The Judaic Origins of Venetian Glass Part I - The Formative Period

Fact Paper 29-I

© Samuel Kurinsky, all rights reserved

Summary: Venetian glassware was first produced in the Rialto district (assigned to Jewish artisans and traders) from cullet (previously manufactured glass) and other basic materials imported from the region of Tyre and Sidon in Palestine, where the glassmakers were identified as Jews by Benjamin of Tudela and others
Venice, where the Jews were accommodated, expelled, and recalled. Venice, a city where the first ghetto was established, setting a model for all Christendom. Venice, a city and a republic for which the Jewish involvement in its commerce and its arts, especially in the art of glassmaking, has received little acknowledgement. Photograph by Samuel Kurinsky

There are four directions by which geography is defined, and Judaic glassmakers wandered into Italy from each of those directions. None of the journeys were direct. They were strands of a web that encompassed the civilized world.

The web through the Diaspora is woven four- dimensionally through time and space.

The seminal role of the Jews in the technological development of civilization can be visualized only when it is viewed through all four dimensions. Not all the historical strands that lead into Italy are discernable, for the ravages of time and intolerance have torn great gaps from the connections between them. The attempt to fill these voids in the continuum of a tangled historical web requires tracing the vestiges of those strands through the knotted convolutions of the passage of the Jews, and particularly of the glassmakers among them. Through time and space they wandered from country to country and from town to town in an endeavor to find a haven in which they could live, work, and pray according to their own precepts.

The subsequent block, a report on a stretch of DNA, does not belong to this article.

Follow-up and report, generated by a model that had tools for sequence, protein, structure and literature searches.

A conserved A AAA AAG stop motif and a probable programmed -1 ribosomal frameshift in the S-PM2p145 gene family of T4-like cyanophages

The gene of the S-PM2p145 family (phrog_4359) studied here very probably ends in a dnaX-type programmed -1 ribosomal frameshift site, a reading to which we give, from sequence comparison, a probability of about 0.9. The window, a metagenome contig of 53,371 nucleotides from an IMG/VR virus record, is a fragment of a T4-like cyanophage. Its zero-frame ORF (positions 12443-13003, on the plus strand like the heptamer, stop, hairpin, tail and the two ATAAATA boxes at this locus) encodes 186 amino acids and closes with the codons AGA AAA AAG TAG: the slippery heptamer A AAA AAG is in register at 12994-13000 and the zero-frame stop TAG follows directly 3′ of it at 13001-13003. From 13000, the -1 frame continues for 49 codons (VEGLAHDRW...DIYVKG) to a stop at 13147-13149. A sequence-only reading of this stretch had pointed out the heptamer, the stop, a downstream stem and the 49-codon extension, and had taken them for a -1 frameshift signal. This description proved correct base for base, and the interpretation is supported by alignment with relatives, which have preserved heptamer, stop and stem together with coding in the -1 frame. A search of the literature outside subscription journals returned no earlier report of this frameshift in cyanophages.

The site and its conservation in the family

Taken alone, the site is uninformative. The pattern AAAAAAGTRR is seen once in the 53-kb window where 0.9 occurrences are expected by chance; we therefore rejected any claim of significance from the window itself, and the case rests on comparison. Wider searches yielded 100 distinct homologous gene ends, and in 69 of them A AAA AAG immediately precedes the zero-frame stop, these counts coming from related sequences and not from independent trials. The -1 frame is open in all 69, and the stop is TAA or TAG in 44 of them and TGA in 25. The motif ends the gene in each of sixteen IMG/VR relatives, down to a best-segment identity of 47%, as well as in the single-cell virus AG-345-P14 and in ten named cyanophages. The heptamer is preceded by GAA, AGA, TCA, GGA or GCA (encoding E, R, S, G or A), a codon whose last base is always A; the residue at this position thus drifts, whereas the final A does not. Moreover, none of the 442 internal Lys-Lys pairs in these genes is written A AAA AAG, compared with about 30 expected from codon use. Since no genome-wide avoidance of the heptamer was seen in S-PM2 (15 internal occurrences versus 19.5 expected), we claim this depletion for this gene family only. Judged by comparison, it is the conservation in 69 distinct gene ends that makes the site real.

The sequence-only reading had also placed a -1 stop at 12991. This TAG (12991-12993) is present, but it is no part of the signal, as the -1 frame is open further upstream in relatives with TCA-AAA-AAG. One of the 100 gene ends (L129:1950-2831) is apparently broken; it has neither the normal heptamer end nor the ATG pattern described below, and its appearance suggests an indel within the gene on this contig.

The Mysterious Arrival of Glassmaking

The Republic of Venice was no less important to the history and development of the vitric arts than was the Università d'Altare.1 The importing of glassware and glassware-makers began in the city of the lagoon around the year 1000, before the Altarese glassmaker's commune was implanted on the opposite side of the Italian peninsula. Primary glass production, however, was initiated in the Università d'Altare before it was in Venice, for the process of producing the raw material, glass, began immediately in Altare by glassmakers brought from Palestine by the "Prince of Jerusalem," the Marquise de Montferatto.

In Venice, however, glass production came about after several centuries of importing cullet (raw glass or broken glassware) from the Near East for remelting and forming into finished ware.

Questions concerning the genesis of the art of glassmaking in Venice have been baffling. How did the glassmaking industry arise on the cluster of islands which became the dynamic heart of the powerful Venetian Republic? Where did the glassmakers come from? Why did certain masters of Murano, the island upon which they were sequestered, abandon the lusty, lucrative industry of the island to seek their fortune elsewhere? Why were these masters allowed to emigrate in contravention of prohibitions against carrying the secrets of the art outside of Venice, prohibitions enforced by both the guild and by the governing body of Venice, the "Council of Ten.?" These questions have never been satisfactorily answered.

The mysteries surrounding the initiation of the art in Venice have ancient ramifications. Eastern artisans, in fact, had been introduced long ago into the region, and had disappeared. During the Roman period they were active in Aquileia and other towns at the crown of the Adriatic Sea.2

Aquileia was an important Roman port midway between Trieste and Venice. The bustling port harbored a large Judaic community, numbering thousands. Many spread out into the hinterlands and along the entire arc of the northern Adriatic littoral, Altino, Spina and Adria, mainland towns flanking the islands upon which Venice took form, became glassmaking centers soon after, if not contempor-aneously with Aquileia. The art was also practiced in Pola and elsewhere on the Istrian peninsula. The art began to spread westward through the Po Valley when its advance was dampened by severe persecutions of the Jews by the Christians, and then was terminated after invasions of the Goths and the Huns, who invaded from across the Alps and effectively brought civilization to a halt in the area.